What is specimen handling?
Specimen handling involves collecting, preserving, and transporting specimens (such as blood or urine) sufficiently and stably to provide accurate and precise results suitable for clinical interpretation.
1– Specimen Handling is essential for patient care
When a patient presents with an ailment, the physician’s role is to order the appropriate laboratory tests that play a pivotal role in the final diagnosis of the disease and its management. The maximum accuracy of these diagnostic results begins with the accuracy of the staff handling the specimen. The back-office staff operating the samples should know and follow proper sterile techniques and guidelines for carefully collecting and disposing contaminated specimens and other biological material.
Except for certain medical facilities and practices, this is a necessity if they do not have the medical equipment required to perform clinical interpretation. The most common tests often requiring an outside laboratory to process are:
- Throat cultures
- Mono spots
- STD panels
- Obesity panels
- Blood typing
While some practices have invested in the equipment they feel necessary for their practice; many others find it more advantageous to outsource this workflow to free up their resources.
2– You can get paid up to 60% of your fee
Some insurance companies reimburse up to sixty percent of the amount billed, but this depends on each contract between insurance companies, the diagnosis code, and other variables such as the patient’s out-of-pocket expenses, deductible, or co-pays. A majority of insurance companies deny the procedure as inclusive with no patient responsibility. However, all is not lost. Physicians can and should profit from this service which takes up staff time and resources. Here’s how:
- Create a set fee for specimen handling
- Keep track of the schedule that your nursing staff sees as lab visits only.
- Have a waiver ready for the patient to sign. The waiver must state clearly why the patient signature is needed and must include the CPT code and fee.
- Collect payment upfront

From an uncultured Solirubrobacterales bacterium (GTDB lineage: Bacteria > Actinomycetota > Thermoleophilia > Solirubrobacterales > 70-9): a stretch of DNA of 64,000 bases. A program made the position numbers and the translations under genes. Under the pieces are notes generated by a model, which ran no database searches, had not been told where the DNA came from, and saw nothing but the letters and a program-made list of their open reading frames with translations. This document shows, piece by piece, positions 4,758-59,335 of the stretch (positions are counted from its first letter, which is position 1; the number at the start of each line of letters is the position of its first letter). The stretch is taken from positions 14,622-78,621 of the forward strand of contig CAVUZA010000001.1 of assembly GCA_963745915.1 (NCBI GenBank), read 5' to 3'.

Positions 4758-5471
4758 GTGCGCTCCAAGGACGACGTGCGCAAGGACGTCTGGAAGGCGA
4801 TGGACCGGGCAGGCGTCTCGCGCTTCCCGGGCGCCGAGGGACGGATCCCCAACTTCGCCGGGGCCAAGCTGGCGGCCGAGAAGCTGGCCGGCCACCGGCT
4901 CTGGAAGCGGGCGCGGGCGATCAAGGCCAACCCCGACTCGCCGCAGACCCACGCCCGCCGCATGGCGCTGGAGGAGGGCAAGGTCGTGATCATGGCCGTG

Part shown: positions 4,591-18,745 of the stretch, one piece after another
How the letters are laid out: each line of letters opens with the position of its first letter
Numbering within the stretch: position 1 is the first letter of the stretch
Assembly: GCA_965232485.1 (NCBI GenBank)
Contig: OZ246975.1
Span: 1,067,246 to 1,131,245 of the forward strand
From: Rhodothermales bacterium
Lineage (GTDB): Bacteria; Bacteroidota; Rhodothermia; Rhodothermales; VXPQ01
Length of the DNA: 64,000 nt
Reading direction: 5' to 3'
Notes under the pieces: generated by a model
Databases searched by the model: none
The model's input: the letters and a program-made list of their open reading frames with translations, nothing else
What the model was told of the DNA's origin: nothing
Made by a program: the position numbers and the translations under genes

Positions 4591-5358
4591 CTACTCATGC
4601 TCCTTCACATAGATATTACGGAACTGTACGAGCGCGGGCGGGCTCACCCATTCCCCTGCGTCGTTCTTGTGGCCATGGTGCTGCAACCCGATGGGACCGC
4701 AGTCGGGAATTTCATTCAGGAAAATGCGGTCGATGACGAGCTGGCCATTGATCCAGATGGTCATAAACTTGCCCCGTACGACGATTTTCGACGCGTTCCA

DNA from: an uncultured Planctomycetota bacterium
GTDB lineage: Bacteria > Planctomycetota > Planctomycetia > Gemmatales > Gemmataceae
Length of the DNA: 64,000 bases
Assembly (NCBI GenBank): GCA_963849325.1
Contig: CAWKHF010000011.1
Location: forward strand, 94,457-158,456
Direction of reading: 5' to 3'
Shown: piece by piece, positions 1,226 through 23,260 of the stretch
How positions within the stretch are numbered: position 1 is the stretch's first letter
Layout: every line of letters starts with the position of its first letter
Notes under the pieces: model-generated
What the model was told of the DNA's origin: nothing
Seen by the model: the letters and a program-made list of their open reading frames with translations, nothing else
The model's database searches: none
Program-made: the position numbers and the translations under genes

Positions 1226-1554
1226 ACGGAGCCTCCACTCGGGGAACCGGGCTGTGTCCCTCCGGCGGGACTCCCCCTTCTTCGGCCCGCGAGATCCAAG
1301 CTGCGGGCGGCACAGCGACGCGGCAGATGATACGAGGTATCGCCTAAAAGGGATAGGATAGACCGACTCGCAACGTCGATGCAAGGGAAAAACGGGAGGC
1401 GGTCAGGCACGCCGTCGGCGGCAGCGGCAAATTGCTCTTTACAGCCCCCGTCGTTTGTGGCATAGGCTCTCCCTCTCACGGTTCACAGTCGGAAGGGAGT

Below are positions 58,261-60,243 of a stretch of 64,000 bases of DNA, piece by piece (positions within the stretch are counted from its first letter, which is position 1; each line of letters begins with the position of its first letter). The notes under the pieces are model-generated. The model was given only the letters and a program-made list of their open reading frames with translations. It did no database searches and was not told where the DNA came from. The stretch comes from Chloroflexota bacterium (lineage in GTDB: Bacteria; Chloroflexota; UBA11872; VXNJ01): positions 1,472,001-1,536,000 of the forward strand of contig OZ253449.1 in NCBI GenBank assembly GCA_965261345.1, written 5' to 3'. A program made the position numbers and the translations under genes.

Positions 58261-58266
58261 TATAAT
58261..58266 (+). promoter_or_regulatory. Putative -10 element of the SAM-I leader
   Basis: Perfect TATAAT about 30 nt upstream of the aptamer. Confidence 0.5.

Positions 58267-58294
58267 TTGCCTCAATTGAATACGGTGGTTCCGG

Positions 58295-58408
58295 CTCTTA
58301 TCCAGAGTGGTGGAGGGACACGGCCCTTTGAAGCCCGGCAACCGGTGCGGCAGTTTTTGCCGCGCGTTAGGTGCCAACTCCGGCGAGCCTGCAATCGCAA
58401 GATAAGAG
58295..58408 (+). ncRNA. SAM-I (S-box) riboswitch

- Run reports often to track revenue for this service
*Please note that Medicare and Medicaid patients are excluded from the above. Check CMS guidelines for further information.*
3– Specimen handling in-office decreases anxiety of going to an outside lab
When patients visit their physicians for a suspected illness, they often already have reservations and fears of what their condition may be. They hesitate in just scheduling the visit. If a patient enters your office with anxiety, they can be irritable or have difficulty remembering instructions given to them for treatment. Furthermore, as providers of care, an environment must be created to reduce these symptoms.
One of the tactics in reducing anxiety symptoms is making things as convenient for the patient as possible. If the need to visit an outside laboratory is one of the factors in your patient’s anxiousness, you can quickly eliminate that factor by collecting the specimen in your office.
What is the CPT code for specimen handling?
The CPT code for specimen handling is 99000. Depending on the specimen collected, the code can be billed to insurance alone if the patient did not see the doctor during the visit. Otherwise, make sure your billing staff bills out HOW the specimen was collected (e.g., Via venipuncture or fingerstick), as payment should be expected on those services as well.
Which insurance companies pay for specimen handling?
Currently, there are too many insurance companies available to give a generalization of reimbursement. However, based on the companies that we have worked with, UMR/UnitedHealthcare stands alone in payment on this procedure. Consequently, this evaluation was dependent on specific diagnosis codes we linked to 99000.
Be aware that depending on the patient’s coinsurance, out-of-pocket expenses, deductible, or diagnosis code responsibility may be transferred to the patient.
Always stay in the loop of provisions to your contracts with insurance companies regarding policies like these. It could mean a loss or a gain in revenue for your practice!
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